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The extraordinary case of Weebit Nano: Marc Kennis talks ReRAM on Ausbiz

March 9, 2023

WBT, Weebit Nano

Weebit Nano’s ReRAM

Our own Marc Kennis appeared on AusBiz and provided a comprehensive analysis and discussion of his perspective on Weebit Nano (ASX:WBT), the ‘best performer of the ASX300’, and a story he has been closely following for the last 6 years.

See transcription below.


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David: Andrew Page there from Well, let’s get straight to our second guest of the show to go and explain what is going on with Weebit Nano. It is one of the hot stocks on the ASX. To go and do that, we’ve got Marc Kennis joining us now from Stocks Down Under. He’s joining us in our Barangaroo Studios. Marc, it’s good again to catch up with you after a while as well. Explain to us firstly what Weebit Nano is because the share price has been rocketing over the past couple of years.

Marc: Yeah, sure. Well, thanks for having me. Look, Weebit Nano in a nutshell has come up with a new type of memory that can replace flash memory, for instance, in your mobile phone or in laptops, so that’s a very big market obviously. The very short-term focus for the company now is embedded memory, which is a small chunk of memory in a bigger device. So a system on a chip that has some embedded memory in there. That’s their first product, and actually earlier this week they announced that that product is now commercially available at SkyWater, which is a U.S. Foundry that will be producing this for their customers. So that was very big news. And so what they’ve done in the last sort of seven, eight years since it enlisted on the ASX, basically this technology has been developed, and developed, and developed, and the company has hit all its milestones without failure. And that’s a big achievement for a tech company in the semiconductor space because there’s always something that can go wrong or will go wrong.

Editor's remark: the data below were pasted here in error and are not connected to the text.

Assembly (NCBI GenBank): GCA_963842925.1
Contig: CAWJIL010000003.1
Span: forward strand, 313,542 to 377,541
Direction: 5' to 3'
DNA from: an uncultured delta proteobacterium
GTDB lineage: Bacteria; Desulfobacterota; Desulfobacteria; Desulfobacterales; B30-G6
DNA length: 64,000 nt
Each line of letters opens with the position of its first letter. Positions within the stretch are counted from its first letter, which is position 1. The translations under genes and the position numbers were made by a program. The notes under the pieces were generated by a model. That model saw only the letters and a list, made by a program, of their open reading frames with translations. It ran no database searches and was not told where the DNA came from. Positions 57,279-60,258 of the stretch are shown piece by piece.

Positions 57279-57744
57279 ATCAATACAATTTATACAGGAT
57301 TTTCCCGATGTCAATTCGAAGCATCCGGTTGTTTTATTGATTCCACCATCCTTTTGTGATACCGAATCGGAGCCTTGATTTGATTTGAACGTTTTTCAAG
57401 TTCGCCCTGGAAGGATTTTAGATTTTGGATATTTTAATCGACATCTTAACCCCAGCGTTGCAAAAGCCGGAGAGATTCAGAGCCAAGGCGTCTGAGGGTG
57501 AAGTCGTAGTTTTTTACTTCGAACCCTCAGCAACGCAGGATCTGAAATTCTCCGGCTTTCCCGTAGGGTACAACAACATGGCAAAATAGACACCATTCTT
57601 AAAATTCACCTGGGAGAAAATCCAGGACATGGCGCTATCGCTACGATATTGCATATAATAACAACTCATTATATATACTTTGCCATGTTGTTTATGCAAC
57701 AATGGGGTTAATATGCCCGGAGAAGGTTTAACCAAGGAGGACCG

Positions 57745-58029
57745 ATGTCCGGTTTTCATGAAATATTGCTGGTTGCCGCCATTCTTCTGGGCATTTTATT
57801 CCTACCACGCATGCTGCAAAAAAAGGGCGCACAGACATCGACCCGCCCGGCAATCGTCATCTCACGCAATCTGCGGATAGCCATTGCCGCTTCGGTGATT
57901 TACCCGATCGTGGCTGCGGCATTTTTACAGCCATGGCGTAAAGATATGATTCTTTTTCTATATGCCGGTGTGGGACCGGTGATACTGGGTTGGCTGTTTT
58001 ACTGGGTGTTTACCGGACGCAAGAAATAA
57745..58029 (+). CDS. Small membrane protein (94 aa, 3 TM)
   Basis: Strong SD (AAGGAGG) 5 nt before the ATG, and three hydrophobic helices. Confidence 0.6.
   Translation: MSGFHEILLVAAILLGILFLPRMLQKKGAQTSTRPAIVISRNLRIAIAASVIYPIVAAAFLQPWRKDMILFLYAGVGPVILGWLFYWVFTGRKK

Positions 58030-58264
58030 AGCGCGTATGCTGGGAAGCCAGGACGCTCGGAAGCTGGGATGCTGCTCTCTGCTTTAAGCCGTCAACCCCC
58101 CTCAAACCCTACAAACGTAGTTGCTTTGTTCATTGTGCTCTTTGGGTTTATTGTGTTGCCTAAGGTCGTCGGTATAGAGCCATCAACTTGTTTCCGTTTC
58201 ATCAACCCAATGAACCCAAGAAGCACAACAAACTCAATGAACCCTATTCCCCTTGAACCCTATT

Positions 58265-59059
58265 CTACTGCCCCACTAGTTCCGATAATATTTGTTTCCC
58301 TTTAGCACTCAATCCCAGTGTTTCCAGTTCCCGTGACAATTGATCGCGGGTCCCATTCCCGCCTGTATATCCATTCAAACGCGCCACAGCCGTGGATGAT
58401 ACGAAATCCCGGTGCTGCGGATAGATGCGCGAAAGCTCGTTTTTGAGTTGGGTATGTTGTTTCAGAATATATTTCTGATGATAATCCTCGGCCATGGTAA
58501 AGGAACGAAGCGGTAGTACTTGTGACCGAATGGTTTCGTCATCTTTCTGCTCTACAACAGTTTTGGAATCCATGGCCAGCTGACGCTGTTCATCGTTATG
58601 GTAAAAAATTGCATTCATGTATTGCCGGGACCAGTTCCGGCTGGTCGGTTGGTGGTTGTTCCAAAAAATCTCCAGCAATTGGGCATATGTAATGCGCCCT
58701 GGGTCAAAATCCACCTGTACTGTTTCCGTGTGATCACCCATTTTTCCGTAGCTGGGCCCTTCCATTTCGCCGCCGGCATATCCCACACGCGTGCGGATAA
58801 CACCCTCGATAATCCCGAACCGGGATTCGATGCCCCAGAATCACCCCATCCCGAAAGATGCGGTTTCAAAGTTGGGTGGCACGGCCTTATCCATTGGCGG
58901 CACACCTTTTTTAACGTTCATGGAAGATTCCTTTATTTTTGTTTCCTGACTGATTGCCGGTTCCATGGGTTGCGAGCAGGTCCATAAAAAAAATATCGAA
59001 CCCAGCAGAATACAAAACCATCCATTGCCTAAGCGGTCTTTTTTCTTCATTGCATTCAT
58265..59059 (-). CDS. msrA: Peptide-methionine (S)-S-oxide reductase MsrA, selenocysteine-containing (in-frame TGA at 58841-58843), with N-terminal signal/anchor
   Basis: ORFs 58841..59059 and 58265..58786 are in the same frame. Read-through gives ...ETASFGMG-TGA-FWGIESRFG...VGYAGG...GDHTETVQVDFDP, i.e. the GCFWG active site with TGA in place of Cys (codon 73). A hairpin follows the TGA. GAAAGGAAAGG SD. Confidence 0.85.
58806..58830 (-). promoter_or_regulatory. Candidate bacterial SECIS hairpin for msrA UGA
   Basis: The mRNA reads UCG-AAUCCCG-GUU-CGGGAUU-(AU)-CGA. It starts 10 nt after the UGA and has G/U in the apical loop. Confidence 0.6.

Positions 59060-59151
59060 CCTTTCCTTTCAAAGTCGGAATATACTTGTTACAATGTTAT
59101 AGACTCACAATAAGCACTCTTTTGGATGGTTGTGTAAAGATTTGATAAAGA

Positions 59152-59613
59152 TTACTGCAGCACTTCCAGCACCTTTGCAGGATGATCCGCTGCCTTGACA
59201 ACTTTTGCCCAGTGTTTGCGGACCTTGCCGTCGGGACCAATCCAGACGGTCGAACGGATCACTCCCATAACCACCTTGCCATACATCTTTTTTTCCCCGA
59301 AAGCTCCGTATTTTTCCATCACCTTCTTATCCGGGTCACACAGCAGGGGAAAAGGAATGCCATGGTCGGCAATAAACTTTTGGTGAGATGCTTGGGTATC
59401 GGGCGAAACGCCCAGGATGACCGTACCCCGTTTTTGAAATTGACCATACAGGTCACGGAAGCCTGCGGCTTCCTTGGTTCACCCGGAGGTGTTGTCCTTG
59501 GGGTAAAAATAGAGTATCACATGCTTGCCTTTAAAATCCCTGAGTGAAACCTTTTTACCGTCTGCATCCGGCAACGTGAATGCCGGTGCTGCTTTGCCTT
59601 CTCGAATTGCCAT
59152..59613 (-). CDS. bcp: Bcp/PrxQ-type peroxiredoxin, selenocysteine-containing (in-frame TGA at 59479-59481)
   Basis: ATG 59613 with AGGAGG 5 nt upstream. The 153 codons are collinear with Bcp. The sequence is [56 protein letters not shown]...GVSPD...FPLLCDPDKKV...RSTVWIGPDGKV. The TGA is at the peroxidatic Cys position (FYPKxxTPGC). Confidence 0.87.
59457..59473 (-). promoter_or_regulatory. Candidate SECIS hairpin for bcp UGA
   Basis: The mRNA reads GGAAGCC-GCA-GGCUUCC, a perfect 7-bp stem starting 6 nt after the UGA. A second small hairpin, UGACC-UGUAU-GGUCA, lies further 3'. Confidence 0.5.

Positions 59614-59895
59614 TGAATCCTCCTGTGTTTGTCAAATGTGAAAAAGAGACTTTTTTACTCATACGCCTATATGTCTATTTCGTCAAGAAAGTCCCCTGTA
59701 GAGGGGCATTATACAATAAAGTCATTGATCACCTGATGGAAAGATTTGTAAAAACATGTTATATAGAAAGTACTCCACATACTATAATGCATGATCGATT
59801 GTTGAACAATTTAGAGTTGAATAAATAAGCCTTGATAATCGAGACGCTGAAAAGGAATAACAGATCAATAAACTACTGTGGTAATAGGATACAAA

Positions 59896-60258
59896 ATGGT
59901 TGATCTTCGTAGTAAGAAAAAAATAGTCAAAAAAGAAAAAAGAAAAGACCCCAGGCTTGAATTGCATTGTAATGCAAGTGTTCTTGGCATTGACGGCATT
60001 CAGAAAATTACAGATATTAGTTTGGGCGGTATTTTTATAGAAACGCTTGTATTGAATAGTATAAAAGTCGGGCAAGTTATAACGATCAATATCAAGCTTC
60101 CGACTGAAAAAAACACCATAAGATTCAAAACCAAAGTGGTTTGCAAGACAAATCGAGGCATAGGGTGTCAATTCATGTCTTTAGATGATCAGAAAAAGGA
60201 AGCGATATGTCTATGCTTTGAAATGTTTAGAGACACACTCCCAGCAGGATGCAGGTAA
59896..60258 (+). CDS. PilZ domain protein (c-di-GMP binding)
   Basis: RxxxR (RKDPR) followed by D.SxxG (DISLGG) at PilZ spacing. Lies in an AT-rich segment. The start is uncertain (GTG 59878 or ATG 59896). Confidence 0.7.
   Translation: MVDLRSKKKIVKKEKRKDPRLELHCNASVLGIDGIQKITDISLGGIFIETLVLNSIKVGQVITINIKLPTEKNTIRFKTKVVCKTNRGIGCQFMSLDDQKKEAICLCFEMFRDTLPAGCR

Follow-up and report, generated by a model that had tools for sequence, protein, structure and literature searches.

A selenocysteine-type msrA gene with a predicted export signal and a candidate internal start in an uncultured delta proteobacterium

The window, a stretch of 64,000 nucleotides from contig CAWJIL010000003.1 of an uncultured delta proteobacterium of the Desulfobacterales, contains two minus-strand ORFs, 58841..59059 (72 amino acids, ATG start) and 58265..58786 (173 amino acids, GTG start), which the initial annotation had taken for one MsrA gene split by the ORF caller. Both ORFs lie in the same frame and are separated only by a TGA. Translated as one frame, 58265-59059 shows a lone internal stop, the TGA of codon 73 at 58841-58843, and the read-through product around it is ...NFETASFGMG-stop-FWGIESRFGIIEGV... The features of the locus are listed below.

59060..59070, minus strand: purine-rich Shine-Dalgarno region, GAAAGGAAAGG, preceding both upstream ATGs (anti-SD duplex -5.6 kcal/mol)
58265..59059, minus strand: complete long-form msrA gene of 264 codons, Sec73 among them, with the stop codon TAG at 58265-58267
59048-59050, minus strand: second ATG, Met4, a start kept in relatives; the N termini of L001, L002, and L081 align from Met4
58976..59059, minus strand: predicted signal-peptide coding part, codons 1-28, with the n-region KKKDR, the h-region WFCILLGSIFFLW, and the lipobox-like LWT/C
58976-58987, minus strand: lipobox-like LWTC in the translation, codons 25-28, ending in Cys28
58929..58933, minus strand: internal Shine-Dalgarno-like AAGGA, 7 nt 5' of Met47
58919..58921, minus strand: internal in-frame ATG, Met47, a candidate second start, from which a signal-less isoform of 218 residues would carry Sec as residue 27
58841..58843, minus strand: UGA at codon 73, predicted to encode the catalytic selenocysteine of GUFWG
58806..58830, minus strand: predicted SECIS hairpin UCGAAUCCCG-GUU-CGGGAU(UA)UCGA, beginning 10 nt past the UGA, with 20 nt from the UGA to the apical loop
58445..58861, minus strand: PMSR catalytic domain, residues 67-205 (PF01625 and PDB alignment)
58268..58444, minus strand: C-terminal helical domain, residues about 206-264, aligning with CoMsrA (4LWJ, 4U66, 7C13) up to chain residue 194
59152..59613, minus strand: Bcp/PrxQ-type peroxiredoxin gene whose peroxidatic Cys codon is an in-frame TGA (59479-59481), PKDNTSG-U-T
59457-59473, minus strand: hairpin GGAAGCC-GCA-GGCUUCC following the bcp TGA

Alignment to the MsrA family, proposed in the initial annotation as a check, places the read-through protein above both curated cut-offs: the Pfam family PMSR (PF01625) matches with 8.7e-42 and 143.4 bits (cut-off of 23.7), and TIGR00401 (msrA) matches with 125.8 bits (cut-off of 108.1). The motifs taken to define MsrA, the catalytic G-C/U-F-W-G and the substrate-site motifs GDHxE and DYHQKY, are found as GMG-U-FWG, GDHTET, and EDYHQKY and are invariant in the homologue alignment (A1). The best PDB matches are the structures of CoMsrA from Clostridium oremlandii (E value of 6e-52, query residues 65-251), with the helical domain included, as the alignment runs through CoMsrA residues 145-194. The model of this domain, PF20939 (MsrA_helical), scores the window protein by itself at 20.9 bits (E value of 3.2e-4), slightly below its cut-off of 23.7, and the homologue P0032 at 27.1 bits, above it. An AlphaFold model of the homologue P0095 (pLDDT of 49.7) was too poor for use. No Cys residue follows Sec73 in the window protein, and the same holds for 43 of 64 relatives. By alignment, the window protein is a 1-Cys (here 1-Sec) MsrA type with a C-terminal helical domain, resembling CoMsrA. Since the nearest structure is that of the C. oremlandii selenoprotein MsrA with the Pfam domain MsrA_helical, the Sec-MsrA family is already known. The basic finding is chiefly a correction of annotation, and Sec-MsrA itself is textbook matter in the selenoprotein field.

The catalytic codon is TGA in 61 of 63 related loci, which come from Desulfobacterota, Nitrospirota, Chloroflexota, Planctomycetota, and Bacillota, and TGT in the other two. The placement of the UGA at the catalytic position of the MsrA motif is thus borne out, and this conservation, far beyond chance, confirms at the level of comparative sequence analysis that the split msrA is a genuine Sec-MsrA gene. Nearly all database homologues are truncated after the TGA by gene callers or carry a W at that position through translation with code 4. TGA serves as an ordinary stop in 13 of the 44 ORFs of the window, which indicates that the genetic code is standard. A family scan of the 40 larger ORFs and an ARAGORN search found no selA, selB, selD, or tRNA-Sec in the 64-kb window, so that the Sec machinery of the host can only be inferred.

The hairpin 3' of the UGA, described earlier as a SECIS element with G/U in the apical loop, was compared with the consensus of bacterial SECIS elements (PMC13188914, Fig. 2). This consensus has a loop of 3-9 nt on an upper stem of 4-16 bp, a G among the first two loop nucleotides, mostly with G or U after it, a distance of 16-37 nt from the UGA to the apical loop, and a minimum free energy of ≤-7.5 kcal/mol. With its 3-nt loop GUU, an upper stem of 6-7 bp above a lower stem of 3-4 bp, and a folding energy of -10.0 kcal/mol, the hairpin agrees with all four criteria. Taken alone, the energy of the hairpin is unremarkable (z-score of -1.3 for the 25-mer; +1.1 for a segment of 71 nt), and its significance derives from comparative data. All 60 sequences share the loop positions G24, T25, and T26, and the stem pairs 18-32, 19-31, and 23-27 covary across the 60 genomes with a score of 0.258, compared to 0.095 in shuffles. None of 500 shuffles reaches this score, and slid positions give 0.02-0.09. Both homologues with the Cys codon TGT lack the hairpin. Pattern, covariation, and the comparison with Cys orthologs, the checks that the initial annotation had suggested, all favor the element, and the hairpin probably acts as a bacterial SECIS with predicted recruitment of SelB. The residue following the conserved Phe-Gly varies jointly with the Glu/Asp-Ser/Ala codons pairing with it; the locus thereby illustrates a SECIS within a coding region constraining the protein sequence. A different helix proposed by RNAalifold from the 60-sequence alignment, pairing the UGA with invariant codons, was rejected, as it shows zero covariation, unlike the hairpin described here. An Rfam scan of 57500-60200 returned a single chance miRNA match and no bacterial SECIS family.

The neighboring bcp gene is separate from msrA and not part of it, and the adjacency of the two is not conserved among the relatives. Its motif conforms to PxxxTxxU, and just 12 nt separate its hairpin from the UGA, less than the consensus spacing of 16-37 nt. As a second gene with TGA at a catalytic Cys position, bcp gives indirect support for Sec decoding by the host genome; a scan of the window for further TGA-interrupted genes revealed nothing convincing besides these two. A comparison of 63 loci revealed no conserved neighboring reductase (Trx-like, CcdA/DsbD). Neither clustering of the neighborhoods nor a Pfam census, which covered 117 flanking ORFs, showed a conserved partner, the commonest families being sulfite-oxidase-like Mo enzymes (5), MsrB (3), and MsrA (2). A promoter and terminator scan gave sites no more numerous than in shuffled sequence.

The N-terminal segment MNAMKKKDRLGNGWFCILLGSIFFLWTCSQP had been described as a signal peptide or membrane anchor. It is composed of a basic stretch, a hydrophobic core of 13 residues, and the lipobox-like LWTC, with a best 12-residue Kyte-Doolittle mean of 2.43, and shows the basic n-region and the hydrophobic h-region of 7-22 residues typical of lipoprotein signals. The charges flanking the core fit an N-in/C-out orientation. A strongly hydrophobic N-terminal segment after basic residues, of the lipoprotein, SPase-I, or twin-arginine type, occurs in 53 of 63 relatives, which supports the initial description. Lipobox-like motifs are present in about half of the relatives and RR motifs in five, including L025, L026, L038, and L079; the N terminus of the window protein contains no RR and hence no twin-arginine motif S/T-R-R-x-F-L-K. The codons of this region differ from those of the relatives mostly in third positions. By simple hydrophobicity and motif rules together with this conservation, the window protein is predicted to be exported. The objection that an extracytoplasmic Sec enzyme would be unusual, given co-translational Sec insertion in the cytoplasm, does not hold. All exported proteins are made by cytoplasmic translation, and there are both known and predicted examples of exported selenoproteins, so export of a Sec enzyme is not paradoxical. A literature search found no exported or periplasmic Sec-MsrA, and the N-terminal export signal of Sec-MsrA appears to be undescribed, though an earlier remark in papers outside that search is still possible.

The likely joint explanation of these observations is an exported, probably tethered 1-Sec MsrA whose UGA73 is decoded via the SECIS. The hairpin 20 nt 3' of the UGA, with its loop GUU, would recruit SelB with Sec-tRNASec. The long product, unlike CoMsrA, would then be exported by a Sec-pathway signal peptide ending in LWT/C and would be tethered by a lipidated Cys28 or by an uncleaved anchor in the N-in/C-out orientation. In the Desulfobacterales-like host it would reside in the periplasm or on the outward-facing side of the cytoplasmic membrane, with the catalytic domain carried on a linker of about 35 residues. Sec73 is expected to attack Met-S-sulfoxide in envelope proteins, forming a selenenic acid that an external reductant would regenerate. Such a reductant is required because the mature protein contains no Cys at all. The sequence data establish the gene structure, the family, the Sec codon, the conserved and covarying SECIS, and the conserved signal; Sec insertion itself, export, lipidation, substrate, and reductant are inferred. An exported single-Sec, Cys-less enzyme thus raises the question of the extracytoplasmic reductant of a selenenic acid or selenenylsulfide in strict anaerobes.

So this company has got an excellent track record in sort of living up to the milestones that it sets for itself. So that’s really important. And the company is just now being rewarded for that, for the commercialization. In 2023 they will see first revenues, so it’s being rewarded for that commercialization that took six, seven, eight years to get to, but it’s now happening.

David: Marc, I know that you pay very close attention to what happens in the particular area of this space, like the chips and everything else. Can you go and try and simplify what the advantages that this product has over, say, rivals out there?

Marc: It’s really simple. If you are an electronic device manufacturer, say a mobile phone manufacturer, or you know, anything that’s got a battery in it, you want that battery to last as long as you can. So the components in that particular product need to be very low energy consuming. And Weebit’s got that. So it’s got a very low energy consumption, which means the batteries of products last longer, but it’s also really fast in terms of, you know, to process the data. So there’s a number of advantages. It’s also, in terms of scaling down, so the products get smaller and smaller, computer chips. Flash memory has a big problem in scaling down below 40 nanometers.

Without getting too technical, it’s really small, but these types of memories need to get a lot smaller to go into the most advanced products. And Weebit Nano’s ReRAM can do that. So it can scale… Right now they’re working on 22 nanometers, but it will without a doubt go below 20, and maybe who knows, below 10 at some point in time. So it’s energy consumption, it’s scalability, so getting smaller, and it’s also in terms of, you know, ease of manufacturing they’ve got a big advantage versus some of the alternatives out there.

David: So basically small, but very mighty, and maybe getting mightier by the day at this point in time. First commercial product is now available. Tell me, there must be a whole bunch of groups out there looking to go line up to go and take the advantage of this. What can we know about what’s coming down the pipeline when it comes to potential customers?